Tuesday, May 21, 2013

Twinning Tuesday: Mama Guilt

I don't think there is a parent who doesn't have feelings of guilt over something ...

- not enough time
- work
- the food they are serving to their family
- what they want to do versus what should be doing

Guilt  certainly isn't a special experience for parents of twins, but I think there is a special kind of guilt for parents of multiples. The guilt of trying to meet the needs of both twins, particularly when they are infants.

I think any parent who has more than one child gets a taste of this as well; both children have wants and needs, and you cannot always meet those of both children at the same time.

Little Guy helping  Baby Girl with her pacifier

I remember when my own twins, Baby Girl and Little Boy, were infants, I went through much the same thing. Baby Girl was the needier of the two; she cried more easily, wanted to be held more, was more sensitive to her environment, and to physical needs. Little Boy on the other hand, was always more placid, more easy going.

Baby Girl would cry, so I would pick her up to comfort her. If she had her own way, she would have been held. All. The. Time!

And although Little Boy would have the same needs as Baby Girl, he didn't vocalize them as readily.

Despite wanting to treat them the same, to give them the same newborn experience, they didn't. It was easier to theorize all of this while I was pregnant with them, but once they were born, and the reality of having two babies set in, it was near impossible to treat them the same.

I've read about similar situations on plenty of forums for multiples; one twin nursed longer than the other, one twin co-slept while the other didn't, one twin was worn more, carried more, cradled more etc etc.

Thus the Twin Guilt.

I would love to say that over time I found a magic formula, a way to be able to fulfill the needs of each child. The truth is a little trickier though.

I gave what I could to both of them, and worked on the guilt. (I won't say "I did my best"; I have always had a difficult time with that phrase. No one is capable of 'doing their best' all the time. We do what we can, and that has to be okay).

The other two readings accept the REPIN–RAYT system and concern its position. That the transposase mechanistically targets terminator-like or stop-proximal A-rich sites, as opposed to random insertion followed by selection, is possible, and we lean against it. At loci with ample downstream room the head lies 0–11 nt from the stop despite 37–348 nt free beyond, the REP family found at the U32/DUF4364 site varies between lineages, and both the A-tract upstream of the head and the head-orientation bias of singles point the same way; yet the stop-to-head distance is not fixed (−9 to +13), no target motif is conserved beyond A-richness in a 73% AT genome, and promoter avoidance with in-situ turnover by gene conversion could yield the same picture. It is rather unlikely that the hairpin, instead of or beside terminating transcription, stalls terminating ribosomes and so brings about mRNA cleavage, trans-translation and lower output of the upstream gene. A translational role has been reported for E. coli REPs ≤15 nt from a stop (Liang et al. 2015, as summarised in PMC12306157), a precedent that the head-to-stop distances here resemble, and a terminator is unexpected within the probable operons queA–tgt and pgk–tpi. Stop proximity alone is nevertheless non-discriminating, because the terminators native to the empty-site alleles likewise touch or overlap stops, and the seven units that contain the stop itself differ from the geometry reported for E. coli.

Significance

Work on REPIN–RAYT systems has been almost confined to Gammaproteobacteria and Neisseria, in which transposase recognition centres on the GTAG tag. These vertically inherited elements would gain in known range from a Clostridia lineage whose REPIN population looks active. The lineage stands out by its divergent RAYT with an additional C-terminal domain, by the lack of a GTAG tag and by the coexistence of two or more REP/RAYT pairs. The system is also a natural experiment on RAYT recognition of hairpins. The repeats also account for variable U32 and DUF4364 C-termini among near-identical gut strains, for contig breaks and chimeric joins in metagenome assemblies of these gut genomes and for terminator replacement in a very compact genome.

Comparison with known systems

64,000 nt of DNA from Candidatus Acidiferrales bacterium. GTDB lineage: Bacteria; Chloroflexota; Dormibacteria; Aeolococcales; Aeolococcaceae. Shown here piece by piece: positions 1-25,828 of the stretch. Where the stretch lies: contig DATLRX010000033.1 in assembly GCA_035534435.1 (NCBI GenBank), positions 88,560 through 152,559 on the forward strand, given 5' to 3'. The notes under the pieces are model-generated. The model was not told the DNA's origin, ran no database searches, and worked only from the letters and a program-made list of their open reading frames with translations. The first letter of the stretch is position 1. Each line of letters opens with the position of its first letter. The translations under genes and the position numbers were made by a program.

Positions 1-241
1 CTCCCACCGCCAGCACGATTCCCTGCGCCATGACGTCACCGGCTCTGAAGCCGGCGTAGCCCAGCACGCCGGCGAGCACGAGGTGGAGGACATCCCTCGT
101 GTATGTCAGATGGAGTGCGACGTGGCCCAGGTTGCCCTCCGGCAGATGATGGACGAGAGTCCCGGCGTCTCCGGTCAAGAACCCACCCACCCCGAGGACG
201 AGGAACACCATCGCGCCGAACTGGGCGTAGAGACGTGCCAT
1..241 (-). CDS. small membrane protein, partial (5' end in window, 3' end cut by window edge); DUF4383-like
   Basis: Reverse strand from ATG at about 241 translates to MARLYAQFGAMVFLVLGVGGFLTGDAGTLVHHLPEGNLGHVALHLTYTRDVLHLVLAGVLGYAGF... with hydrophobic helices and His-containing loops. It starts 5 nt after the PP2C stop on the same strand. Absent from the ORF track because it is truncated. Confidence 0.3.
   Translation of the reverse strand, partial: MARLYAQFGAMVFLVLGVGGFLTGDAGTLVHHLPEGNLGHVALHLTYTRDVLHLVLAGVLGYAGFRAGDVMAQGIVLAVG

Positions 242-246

Of course, it would be dreadful of me to leave you with no light at the end of this tunnel, aside from the acknowledgement that you are not alone in your mama-guilt. So, I offer you a couple of things that I found did help:

~ take any help you can! When friends and family come over to visit, and offer to hold a baby, ask that they hold the more demanding twin, giving you some one on one time with your less needy baby. Or, ask them to take both babies, and take ten minutes by yourself. Alone. A little alone time will help with just about everything!

~ wear your babies. I wore Baby Girl on my back a lot, once she could hold her head up (at about 3 - 4 months). This kept her close and happy, so I could focus more on Little Boy's needs.

~ remember that different children WILL have different experiences. My eldest child Little Guy was an only child for his first three and a half years; his infant and toddler years were shaped by our undivided attention. Comparing his experience with that of his younger siblings, is really different. Different is not necessarily bad, it is just that - different!

~ remembering that I am not advocating neglecting one of your babies, but that if you are giving them both what you can, while still leaving a little left over for yourself, then you are doing fine.

~ find a balance that works for you and your family. That might mean using tools that you may not have considered as an Attachment Parenting family, such as baby swings, bouncy chairs, sleeping alone, pacifiers, or supplementing with formula. You can still be an AP parent and use one of these! Work to release your expectations, or even the expectations of others, either real or perceived.

~ I first heard this advise from Melisa Nielsen, writer of the Waldorf Essentials curriculum, and I love it so much, I have it written out and tacked above my desk ... save guilt for sin. Parenting is a tough gig, and parenting multiples can be an extra challenge. Do what you can. Love them as much as you can. Hold them as often as you can. Take some deep breathes ... you're a great parent!

Have you found good ways to move past parenting guilt? What advice would you give to a friend in the throes of mama guilt? Feel free to share; I'd love to hear from you!